Located near Buffalo’s celebrated City Hall, the Shoreline Apartments is a housing complex designed by Paul Rudolph and completed in 1974. Featuring shed roofs, ribbed concrete exteriors, projecting balconies, and enclosed garden courts, the project combined Rudolph’s spatial radicalism with experiments in human-scaled high-density housing.
The complex has already been partly demolished, and the balance is seriously threatened. This has brought attention to the development—both locally and more broadly—and this focus has begun to produce results…
A SPECIAL EXHIBIT & SYMPOSIUM
Starting next month, The Paul Rudolph Heritage Foundation is partnering with Buffalo’s El Museo to present:
a special project that looks into the history of one of Rudolph’s residential designs: Buffalo’s Shoreline Apartments.
EXHIBITION: October 4 -to- November 16, 2019
The project will open with an exhibition of documents, drawings, photographs, and artworks, spanning from the original vision of the Buffalo Waterfront Development in the 1960’s to the eventual destruction of Shoreline in recent years.
SYMPOSIUM: October 25 & 26, 2019
A public symposium will convene architects, urban planners, preservationists, and researchers to discuss:
Paul Rudolph’s design legacy in Buffalo and New York State
the social legacy of urban renewal and modernism
preservation efforts surrounding these sites and structures
Other public programs will be announced.
The events will take place at two cities in the area—both with significant buildings by Paul Rudolph: Buffalo and Niagara Falls.
A publication is planned, to be issued later in 2019, which will bring together images, essays, and other findings from the project: it will tell the varied histories of the Shoreline Apartments.
Located near Buffalo’s celebrated art-deco skyscraper City Hall, the Shoreline Apartments is a housing complex designed by architect Paul Rudolph and completed in 1974. It was originally part of the Buffalo Waterfront Development, an ambitious, mixed-income urban renewal project commissioned by the New York State Urban Development Corporation in 1969.
Rudolph’s scheme featured an arrangement of:
monumental, terraced high-rises flanking a marina
a sprawling school and community center
a series of low- and mid-rise apartment buildings meant to evoke Italian mountain villages
green spaces woven through the site
“With few exceptions, Paul Rudolph’s buildings can be recognized by their complexity, their sculptural details, their effects of scale and their texture.”
So wrote Arthur Drexler, the famed director of the Museum of Modern Art’s Architecture and Design Department for the 1970 exhibition, Work in Progress—a show which included Rudolph’s designs for the Buffalo Waterfront Development and Niagara Falls (Brydges) Library.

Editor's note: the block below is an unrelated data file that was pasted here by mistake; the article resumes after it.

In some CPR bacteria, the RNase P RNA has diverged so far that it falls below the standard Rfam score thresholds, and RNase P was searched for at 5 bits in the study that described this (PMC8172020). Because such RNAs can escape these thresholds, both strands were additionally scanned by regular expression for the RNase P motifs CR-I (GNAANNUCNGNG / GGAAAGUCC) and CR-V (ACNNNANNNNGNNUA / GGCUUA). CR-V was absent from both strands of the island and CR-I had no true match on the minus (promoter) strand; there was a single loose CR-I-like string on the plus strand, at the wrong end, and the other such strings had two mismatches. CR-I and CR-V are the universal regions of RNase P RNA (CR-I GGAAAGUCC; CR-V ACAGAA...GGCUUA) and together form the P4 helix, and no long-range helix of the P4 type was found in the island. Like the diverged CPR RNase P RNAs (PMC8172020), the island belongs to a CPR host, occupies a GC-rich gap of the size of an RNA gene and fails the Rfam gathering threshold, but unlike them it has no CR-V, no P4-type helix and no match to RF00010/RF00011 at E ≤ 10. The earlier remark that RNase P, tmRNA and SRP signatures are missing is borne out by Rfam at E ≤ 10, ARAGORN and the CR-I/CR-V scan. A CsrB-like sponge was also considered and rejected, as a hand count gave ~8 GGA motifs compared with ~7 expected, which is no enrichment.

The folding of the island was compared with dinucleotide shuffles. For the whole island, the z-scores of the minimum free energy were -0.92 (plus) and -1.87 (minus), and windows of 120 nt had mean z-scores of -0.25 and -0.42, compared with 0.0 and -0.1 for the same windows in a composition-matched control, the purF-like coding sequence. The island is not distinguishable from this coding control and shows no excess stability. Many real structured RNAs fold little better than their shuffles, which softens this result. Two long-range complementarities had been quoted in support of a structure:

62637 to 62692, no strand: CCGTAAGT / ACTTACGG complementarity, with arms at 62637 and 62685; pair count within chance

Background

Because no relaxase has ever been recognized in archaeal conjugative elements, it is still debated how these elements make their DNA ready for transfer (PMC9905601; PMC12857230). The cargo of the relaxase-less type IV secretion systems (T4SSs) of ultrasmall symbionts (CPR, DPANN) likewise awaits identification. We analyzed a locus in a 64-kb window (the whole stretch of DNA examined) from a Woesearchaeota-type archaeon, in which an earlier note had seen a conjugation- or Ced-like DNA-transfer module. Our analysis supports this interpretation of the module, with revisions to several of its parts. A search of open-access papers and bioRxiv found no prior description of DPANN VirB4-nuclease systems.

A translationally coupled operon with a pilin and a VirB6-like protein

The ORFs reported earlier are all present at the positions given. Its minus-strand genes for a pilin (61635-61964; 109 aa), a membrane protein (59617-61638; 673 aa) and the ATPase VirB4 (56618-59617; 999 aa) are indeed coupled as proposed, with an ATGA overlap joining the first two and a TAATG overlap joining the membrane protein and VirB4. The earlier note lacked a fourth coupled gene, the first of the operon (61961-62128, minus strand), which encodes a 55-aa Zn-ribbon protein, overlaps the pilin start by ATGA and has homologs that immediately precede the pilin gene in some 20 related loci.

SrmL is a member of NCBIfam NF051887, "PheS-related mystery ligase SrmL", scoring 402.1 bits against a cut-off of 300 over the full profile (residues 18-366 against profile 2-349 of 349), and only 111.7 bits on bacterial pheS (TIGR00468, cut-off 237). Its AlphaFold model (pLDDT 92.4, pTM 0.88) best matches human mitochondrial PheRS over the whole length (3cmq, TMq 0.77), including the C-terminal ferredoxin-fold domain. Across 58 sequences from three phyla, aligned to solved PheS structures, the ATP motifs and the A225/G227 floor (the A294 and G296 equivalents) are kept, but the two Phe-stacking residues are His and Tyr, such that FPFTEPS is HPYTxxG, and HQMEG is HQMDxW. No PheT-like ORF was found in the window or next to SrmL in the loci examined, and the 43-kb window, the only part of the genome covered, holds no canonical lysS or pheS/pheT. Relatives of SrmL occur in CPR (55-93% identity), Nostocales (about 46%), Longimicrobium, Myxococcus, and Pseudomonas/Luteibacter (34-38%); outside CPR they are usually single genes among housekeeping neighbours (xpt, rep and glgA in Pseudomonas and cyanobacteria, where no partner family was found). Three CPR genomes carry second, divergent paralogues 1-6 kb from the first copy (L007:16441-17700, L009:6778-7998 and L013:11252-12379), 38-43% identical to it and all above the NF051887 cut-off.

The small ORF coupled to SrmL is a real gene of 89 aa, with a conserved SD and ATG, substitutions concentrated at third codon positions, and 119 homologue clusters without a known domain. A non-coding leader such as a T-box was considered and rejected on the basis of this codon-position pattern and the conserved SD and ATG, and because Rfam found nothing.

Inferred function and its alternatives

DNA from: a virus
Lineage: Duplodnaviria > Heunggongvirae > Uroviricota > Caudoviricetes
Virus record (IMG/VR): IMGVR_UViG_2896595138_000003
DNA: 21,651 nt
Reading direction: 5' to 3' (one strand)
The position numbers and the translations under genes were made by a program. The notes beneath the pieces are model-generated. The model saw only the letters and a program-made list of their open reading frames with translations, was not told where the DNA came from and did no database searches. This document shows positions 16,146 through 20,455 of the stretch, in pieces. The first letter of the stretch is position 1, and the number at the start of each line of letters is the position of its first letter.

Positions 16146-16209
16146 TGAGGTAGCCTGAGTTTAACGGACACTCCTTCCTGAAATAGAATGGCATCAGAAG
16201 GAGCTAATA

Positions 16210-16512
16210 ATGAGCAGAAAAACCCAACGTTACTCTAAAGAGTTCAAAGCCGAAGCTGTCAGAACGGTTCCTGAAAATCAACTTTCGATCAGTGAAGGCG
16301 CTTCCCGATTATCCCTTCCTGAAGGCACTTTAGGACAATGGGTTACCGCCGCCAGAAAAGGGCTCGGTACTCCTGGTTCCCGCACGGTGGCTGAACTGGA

In the end, only two phases of affordable housing (Shoreline and Pine Harbor Apartments) were built. Today they are among the most unloved buildings in Buffalo, because—like many public housing projects of that era—their inventive, complex forms and admirable social aspirations have been overshadowed by disrepair, crime, and vacancy. In 2013, the site’s owner proposed a phased demolition and replacement of Shoreline with new traditionally styled townhouses. Following failed attempts at landmarking the structures for preservation, the first round of demolitions began in summer 2015.
The ongoing threat to Shoreline Apartments represents not just the loss of an exemplary piece of Buffalo’s Modern architectural legacy, but also the demise of a certain perspective on architecture and the city—and the possibilities of positive government action. It tells a story of the aspirations of mid-century urban planning, the short-lived heroism of Modern and “brutalist” architecture, and the unrealized social visions of the past.
At a time of renewed interest in Moden buildings, this project asks critical questions in architecture and historic preservation:
Whose buildings are important?
Whose stories get told?
What types of structures are considered worthy of maintenance and protection, and what others are left to deteriorate and die?
Is there room in our cities for inconvenient reminders of a past (and “inconvenient populations”) we would rather forget?
Through the lens of the Shoreline Apartments, this project aims to inspire new conversations that might lead to a better understanding and appreciation of these misunderstood places.
Museo Francisco Oller y Diego Rivera (“El Museo”)
91 Allen Street (between Delaware Avenue and Franklin Street)
Buffalo, NY 14202
SPONSORS AND KEY PARTICIPANTS
Shoreline: Remembering a Waterfront Vision is curated by El Museo’s curator, Bryan Lee, and prominent preservation architect Barbara Campagna, and presented in partnership with the Paul Rudolph Heritage Foundation.
This project is funded by the New York State Council on the Arts with the support of Governor Andrew M. Cuomo and the New York State Legislature, and the Graham Foundation for Advanced Studies in the Fine Arts.
Note: We thank El Museo, from whose web page Shoreline: Remembering a Waterfront Vision the above text was adapted.